By Ashley Fantz
The Oxford, Alabama, City Council has overturned an ordinance that could have sent transgender people to jail for using the bathroom that corresponds with their gender identity.
The council voted 3-2 Wednesday to repeal it, according to CNN affiliate WBRC-TV in Birmingham. The meeting area was packed to capacity in the small northeast Alabama city of about 21,000, with at least 100 people for the debate on the measure, the TV station said.
Council member Charlotte Hubbard said her qualms with the measure were chiefly about its likely violation of Title IX, a concern Oxford’s city attorney raised.
Title IX, passed in 1972, prohibits discrimination based on sex in schools that receive federal funding.
In April, a Virginia transgender teen, who was born a girl but identifies as a boy, won a fight against his school board for the right to use the boys’ bathroom. A federal appeals court ruled the school board had violated Title IX by banning the teen from the boys’ bathroom.
In North Carolina, there’s been much discussion over possible legal challenges over the state’s new law prohibiting transgender people from using public restrooms that match the gender with which they identify.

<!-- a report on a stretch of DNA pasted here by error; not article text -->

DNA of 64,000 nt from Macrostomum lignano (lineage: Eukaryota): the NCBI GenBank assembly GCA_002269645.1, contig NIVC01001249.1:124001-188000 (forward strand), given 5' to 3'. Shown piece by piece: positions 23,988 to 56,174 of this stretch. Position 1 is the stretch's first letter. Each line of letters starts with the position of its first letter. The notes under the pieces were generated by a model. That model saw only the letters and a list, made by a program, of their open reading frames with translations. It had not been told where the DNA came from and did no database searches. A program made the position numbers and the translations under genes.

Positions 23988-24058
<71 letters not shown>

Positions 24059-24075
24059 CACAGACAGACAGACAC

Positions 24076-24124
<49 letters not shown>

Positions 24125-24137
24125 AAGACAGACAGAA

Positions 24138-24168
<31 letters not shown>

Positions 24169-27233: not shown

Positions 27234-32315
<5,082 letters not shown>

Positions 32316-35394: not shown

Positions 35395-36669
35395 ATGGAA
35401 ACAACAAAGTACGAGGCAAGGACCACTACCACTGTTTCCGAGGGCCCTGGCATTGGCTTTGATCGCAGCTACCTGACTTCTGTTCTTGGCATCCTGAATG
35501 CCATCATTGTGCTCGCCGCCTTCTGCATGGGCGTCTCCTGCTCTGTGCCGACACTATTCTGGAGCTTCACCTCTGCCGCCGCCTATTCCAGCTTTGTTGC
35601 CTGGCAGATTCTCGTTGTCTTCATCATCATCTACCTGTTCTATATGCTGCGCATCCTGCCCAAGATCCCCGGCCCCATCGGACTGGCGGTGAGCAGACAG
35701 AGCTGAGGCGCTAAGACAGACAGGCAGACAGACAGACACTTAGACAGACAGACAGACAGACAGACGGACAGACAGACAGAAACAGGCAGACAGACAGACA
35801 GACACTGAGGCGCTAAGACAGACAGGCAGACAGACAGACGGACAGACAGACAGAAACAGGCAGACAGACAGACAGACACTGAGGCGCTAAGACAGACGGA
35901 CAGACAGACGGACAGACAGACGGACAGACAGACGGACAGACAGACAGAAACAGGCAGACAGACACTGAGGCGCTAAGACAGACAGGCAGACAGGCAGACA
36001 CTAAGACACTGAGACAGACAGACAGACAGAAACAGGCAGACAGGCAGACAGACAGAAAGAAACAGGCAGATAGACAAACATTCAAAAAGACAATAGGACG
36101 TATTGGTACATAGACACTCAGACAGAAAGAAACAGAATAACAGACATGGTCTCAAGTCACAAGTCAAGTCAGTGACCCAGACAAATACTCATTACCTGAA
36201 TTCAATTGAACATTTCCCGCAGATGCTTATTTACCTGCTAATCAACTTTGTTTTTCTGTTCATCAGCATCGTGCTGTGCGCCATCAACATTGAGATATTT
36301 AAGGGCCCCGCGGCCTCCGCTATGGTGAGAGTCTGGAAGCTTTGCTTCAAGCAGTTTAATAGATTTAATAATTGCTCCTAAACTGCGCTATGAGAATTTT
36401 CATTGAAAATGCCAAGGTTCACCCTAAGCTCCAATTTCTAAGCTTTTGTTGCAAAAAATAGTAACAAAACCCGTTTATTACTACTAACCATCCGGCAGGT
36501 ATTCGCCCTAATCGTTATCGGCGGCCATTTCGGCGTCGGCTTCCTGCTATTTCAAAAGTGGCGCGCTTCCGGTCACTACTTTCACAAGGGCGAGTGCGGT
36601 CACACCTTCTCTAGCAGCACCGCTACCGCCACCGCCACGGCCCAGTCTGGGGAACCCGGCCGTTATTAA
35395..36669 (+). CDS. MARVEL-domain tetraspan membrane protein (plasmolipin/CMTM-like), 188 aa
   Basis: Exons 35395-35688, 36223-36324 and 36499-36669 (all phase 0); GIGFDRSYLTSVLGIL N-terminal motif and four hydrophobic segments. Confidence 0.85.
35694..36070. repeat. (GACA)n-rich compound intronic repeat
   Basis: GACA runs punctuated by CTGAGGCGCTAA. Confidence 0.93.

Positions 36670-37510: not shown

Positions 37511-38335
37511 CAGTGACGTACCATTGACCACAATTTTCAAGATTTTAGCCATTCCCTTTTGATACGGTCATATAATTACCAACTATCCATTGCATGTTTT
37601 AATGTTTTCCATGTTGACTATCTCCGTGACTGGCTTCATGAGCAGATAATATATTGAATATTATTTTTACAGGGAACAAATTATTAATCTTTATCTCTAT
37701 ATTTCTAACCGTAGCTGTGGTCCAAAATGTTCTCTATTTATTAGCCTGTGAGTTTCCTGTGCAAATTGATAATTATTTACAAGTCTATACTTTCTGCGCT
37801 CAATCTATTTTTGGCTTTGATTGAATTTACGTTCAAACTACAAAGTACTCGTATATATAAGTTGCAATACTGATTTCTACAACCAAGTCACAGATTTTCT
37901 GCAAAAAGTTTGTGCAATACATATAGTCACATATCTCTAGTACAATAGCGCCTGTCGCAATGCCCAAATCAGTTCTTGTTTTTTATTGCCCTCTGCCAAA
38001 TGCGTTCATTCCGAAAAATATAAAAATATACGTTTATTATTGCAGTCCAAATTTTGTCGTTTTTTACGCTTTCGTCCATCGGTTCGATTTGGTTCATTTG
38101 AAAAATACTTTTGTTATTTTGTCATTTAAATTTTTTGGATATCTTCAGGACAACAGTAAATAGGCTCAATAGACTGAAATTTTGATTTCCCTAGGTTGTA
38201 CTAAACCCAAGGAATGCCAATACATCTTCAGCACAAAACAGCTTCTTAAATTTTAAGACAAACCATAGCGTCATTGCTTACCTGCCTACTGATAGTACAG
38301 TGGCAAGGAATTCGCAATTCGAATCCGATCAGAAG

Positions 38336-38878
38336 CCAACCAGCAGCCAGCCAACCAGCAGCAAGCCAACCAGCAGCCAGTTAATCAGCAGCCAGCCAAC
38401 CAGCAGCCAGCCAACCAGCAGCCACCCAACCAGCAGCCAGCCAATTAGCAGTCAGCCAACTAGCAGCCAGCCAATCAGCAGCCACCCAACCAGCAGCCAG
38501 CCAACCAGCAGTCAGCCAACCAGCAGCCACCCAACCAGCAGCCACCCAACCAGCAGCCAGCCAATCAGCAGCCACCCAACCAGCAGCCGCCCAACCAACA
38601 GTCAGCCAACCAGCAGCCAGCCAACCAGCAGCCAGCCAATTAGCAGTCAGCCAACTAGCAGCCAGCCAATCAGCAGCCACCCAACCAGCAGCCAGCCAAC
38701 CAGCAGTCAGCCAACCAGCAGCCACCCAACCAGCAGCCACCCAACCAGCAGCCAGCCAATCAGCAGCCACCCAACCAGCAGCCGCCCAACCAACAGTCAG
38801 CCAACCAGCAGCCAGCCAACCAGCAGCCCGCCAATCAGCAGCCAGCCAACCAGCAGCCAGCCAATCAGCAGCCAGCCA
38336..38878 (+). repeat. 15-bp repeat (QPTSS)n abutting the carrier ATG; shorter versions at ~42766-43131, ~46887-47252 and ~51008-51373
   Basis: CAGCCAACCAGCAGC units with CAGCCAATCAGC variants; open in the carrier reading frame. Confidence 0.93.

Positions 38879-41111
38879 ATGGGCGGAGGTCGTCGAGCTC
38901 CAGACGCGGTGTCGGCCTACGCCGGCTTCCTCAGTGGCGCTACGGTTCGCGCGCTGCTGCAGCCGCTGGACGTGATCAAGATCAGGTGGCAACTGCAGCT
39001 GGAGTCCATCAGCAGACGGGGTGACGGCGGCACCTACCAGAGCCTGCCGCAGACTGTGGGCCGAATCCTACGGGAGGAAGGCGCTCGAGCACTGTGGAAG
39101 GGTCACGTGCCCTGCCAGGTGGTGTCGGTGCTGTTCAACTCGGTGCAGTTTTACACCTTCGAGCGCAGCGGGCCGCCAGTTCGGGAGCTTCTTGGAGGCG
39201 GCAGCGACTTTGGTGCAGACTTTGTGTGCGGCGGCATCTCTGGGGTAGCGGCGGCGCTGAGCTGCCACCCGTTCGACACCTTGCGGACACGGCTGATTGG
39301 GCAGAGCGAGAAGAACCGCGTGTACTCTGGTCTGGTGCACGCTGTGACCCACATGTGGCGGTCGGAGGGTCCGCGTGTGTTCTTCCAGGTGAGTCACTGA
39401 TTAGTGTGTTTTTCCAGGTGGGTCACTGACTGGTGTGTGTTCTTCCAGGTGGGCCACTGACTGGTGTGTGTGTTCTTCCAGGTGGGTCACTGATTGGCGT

The U.S. Justice Department has notified North Carolina Gov. Pat McCrory and university system leaders that the state’s transgender law violates the U.S. Civil Rights Act.
McCrory and other state officials are already facing a federal lawsuit over the bathroom measure. Two transgender men, a lesbian, the American Civil Liberties Union of North Carolina and Equality North Carolina want a judge to declare the law unconstitutional and a violation of federal laws banning sex discrimination.
Last week, the Oxford City Council voted unanimously to enact the ordinance, making it a misdemeanor for transgender men to use the men’s restroom and transgender women to use the women’s restroom. Violation of the law meant a fine and a jail sentence up to six months.
Oxford’s mayor never signed the measure because he has been ill, said council President Steven Waits, WBRC reports.
Equal rights groups blasted Oxford’s attempt to block transgender people from using the bathroom of their choice and praised the reversal of the measure.
“The Oxford City Council did the right thing by recalling its discriminatory ordinance,” said Chinyere Ezie, a staff attorney with the Southern Poverty Law Center. “We are pleased the council members came to the conclusion that nobody should be criminalized simply for using the restroom.”
“More good news! Anti-transgender ordinance in Oxford, Alabama is no more,” the ACLU tweeted Wednesday.
Both organizations had demanded the repeal of the ordinance.
Human Rights Campaign, which promotes equal rights for gay, lesbian, bisexual and transgender people, hailed the repeal as a “welcome message of inclusion to Oxford’s families, businesses and visitors, and sets an example for other communities that may be considering similar legislation.”
CNN’s Dani Stewart contributed to this report.